Robert Tonsing’s “Mountain Modern”

Image: Mark H. Englert

As we get ready to return to the Mile High City next weekend for the Denver MA+DS Modern Home Tour, we touched based with Robert Tonsing of White Tiger Design, whose mesmerizing “La Mariposa” home will be featured on the tour.

With sweeping 360-degree views from a grand total of sixty-six windows, and set atop a wooded, 8,400-foot mountain, this home epitomizes Robert’s “Mountain Modern” – a style of design that seeks to transparently blend the mountainous setting with all-natural interior finishes.

Here’s what Robert has to say about La Mariposa, irregular shapes, unique materials, and “Mountain Modern.”

Q&A w/ Robert Tonsing | White Tiger Design 

The name of the home, La Mariposa, refers to the butterfly shape of the home formed by three irregular hexagons. How did you come up with this unique design?

All of my designs are geometric, non-rectangular. I’ve done triangles, trapezoids, and pentagons. In response to the site, and the 360-degree views, I wanted a dozen or more facets to face the views, and so I drew some shapes that evolved into irregular hexagons, using 30-, 60- and 90-degree angles. After I settled on the three irregular hexagons, the center one being much smaller, it occurred to me that in plan view it looked like a butterfly. Then, when I was on the site doing the preliminary site design and staking, a butterfly landed on my hand, and that sealed the deal as far as naming the house.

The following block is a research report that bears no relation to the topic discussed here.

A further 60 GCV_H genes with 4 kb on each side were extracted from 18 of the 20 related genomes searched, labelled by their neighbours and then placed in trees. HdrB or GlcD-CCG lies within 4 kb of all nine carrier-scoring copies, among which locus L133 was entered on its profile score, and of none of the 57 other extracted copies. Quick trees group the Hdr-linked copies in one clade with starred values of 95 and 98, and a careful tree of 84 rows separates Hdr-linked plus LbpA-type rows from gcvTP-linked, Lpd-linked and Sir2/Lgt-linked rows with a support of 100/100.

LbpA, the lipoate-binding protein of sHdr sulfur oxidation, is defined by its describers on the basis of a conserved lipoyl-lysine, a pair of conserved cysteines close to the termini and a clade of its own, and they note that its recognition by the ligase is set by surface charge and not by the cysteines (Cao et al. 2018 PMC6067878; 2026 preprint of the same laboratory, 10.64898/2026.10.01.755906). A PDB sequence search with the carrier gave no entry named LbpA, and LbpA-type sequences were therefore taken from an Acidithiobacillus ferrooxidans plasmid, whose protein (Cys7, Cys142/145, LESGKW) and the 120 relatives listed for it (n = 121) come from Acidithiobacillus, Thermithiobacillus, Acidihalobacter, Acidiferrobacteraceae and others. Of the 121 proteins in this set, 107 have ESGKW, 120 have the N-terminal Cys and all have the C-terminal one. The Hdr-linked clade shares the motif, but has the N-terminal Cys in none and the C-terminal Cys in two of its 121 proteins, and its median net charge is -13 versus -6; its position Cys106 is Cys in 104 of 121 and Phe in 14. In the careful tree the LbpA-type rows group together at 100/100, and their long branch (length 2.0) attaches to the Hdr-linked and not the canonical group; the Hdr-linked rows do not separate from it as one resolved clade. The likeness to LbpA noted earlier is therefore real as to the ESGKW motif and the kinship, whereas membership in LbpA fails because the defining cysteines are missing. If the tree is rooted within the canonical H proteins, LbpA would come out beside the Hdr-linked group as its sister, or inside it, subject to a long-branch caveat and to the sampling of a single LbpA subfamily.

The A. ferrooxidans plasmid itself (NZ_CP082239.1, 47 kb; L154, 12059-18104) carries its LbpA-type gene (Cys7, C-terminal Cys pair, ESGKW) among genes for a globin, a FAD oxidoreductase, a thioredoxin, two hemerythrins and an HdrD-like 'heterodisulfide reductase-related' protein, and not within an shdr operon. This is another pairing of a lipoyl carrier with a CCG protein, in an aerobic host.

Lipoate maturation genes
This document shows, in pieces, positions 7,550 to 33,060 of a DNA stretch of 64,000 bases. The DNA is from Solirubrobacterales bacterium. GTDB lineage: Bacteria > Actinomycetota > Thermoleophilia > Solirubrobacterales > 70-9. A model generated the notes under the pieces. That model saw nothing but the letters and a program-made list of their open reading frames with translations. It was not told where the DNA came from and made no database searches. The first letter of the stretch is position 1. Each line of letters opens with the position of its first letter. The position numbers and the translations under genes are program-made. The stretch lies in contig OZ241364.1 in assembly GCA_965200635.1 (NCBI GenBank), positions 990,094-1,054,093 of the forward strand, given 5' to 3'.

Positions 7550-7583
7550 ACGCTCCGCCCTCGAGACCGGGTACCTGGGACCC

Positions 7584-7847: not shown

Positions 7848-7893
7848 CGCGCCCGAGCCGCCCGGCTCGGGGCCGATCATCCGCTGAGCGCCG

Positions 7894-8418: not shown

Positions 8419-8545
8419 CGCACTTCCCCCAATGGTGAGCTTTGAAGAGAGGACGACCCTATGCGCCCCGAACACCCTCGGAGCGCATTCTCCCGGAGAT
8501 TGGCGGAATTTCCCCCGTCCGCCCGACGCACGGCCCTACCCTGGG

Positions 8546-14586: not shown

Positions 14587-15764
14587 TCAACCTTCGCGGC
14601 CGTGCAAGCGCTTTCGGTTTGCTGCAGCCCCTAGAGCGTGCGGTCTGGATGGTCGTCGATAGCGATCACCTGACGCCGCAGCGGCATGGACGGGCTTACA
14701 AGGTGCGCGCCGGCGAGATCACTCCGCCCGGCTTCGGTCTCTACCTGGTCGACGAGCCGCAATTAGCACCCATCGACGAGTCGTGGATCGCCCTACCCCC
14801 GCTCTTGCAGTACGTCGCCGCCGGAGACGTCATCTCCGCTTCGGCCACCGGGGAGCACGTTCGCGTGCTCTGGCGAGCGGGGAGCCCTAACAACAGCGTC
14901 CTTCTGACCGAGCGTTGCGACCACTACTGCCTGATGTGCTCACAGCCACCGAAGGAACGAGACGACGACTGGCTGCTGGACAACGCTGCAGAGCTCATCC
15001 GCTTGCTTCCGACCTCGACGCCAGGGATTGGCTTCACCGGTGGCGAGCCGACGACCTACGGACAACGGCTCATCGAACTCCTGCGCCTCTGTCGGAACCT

Image: Mark H. Englert

In addition to working with shapes, this home makes use of some incredible materials. What kinds of materials were you drawn toward for this home, and why?

I choose stucco as the exterior material cladding because it emphasizes the different angles and I specify a rustic finish to contrast with the modern shapes. The entire first level floors are travertine and slate. Again, the rustic slate contrasts greatly with the polished travertine. Exposed structural wood beams and welded steel grids again contrast the rustic and the modern.

Image: Mark H. Englert

What sort of take on “modern” were you trying to embody with this home?

My style is “Mountain Modern,” which makes transparency very important. I bring the outdoor scenery and environment inside with careful site design and the use of many windows. Interior transparency is also important, offering impossibly long sight lines and very large spaces with ceiling heights of 19 to 29 feet.

Image: Mark H. Englert

What aspect of the home posed the greatest challenge to you?

Most challenging was keeping the layout of the excavation and foundation perfect, keeping in mind that there are no rectangles or regular shapes. It required four visits by a surveyor to re-stake the 16 exterior corners, and assure that the foundation was perfectly laid out.

Image: Mark H. Englert

What are a few features of the home that tour-goers should be sure to keep an eye out for? 

I hope visitors will notice the attention to detail, the informal symmetry, soaring ceilings, honesty in materials, and majestic views from every one of the 64 windows. From a functional standpoint, it has a fantastic chef’s kitchen, six bathrooms, and 5500 square feet of space.

Purchase your tickets to the 2017 Denver MA+DS Modern Home Tour here!

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